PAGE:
Making sense of sciatica
Sciatica is a type of nerve pain affecting the sciatic nerve that travels from your lower back and down your legs.
Sciatica happens when something in your body pinches or puts extra pressure on the sciatic nerve, causing shooting pain, tingling, numbness, and weakness in the lower back, legs, ankles, and feet. Some of the most common causes of sciatica include disc lesions, a narrowing of the spine, and slipping vertebrae. With proper treatment, symptoms of sciatica typically improve within 6 weeks. To prevent sciatica from occurring, it is recommended that individuals incorporate exercise, healthy eating, and stress management techniques into their daily lives.
What does sciatica feel like?
Sciatica is a type of pain that travels down the sciatic nerve, branching from your lower back and down each leg to the tips of the toes. Usually, sciatica only affects one side of the body and symptoms can vary from person to person.
Some of the most common symptoms of sciatica include:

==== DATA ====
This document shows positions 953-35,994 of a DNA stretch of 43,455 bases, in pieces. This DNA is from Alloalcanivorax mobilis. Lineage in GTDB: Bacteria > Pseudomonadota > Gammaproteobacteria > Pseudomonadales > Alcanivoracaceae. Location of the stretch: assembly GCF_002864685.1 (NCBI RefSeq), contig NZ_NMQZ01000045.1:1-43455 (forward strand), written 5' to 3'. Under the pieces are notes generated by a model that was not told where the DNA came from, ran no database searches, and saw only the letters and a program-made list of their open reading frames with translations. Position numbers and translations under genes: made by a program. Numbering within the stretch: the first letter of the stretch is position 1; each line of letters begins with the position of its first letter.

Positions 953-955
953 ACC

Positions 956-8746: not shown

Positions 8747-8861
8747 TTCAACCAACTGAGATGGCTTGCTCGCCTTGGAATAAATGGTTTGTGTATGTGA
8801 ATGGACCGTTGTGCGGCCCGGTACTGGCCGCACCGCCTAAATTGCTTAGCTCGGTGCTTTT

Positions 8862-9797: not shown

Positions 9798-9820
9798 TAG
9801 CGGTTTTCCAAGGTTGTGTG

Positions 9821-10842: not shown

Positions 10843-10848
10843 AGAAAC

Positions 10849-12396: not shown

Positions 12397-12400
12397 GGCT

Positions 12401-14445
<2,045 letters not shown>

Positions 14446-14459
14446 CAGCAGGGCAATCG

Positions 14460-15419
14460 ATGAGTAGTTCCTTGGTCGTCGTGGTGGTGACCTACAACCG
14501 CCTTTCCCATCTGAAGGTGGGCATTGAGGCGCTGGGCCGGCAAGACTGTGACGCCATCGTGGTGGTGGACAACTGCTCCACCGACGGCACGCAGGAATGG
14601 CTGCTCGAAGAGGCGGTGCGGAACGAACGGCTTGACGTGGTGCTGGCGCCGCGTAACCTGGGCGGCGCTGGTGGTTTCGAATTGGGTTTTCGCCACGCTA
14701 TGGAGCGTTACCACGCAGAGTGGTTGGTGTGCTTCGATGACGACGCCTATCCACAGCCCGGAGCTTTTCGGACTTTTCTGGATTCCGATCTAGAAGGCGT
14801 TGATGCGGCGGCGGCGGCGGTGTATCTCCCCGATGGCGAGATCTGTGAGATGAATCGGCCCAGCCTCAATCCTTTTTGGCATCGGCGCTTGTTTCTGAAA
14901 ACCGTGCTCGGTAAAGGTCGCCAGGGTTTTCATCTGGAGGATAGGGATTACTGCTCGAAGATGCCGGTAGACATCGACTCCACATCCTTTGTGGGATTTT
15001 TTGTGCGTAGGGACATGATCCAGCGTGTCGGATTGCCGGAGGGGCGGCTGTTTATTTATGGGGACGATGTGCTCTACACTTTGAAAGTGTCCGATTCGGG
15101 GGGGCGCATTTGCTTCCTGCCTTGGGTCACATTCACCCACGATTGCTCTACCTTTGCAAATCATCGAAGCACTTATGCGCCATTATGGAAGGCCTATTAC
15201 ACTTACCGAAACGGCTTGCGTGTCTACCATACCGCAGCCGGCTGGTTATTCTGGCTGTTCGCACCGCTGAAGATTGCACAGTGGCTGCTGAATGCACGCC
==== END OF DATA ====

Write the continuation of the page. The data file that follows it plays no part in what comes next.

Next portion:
- Burning, aching, or throbbing pain down the back of the legs
- Numbness and tingling down the back of the legs
- Shooting pain down the back of the legs
- Weakness in the hamstrings, lower legs, ankles, or feet
What causes sciatica?
Vertigo is caused by calcium carbonate crystals called otoconia that live in your inner ears. When these tiny crystals get dislodged from their normal resting place and move through your inner ear’s semicircular canals, it sends powerful signals to the brain that you are violently spinning, even though you’re not.
Vertigo is triggered by movement and can arise from common day-to-day movements such as:
- Looking over your shoulder
- Bending over
- Rolling over in bed
- Sudden head movements
How do you treat sciatica to ease pain?
At The Bridge, we believe in providing our patients with education, advice, and individualized exercise programming that is based on their goals and needs. The specific activities that are effective for each individual will depend on the cause and severity of their sciatica and vary from individual to individual.
We complete an assessment with each new patient to determine what positions and movements seem to aggravate or relieve their sciatic pain.
From there, we explore comfortable resting positions, pain-free movement strategies, and provide a customized exercise program to release pressure off of the sciatic nerve. We also provide therapist-administered manual therapy for pain relief.
Some treatment strategies that we typically suggest to help patients manage their sciatic pain at home include:
- Utilizing a hip-hinge and bracing strategy when bending or getting in and out of a chair
- Utilizing a “log roll” and bracing strategy when rolling in bed
- Going for short walks 2 to 3 times per day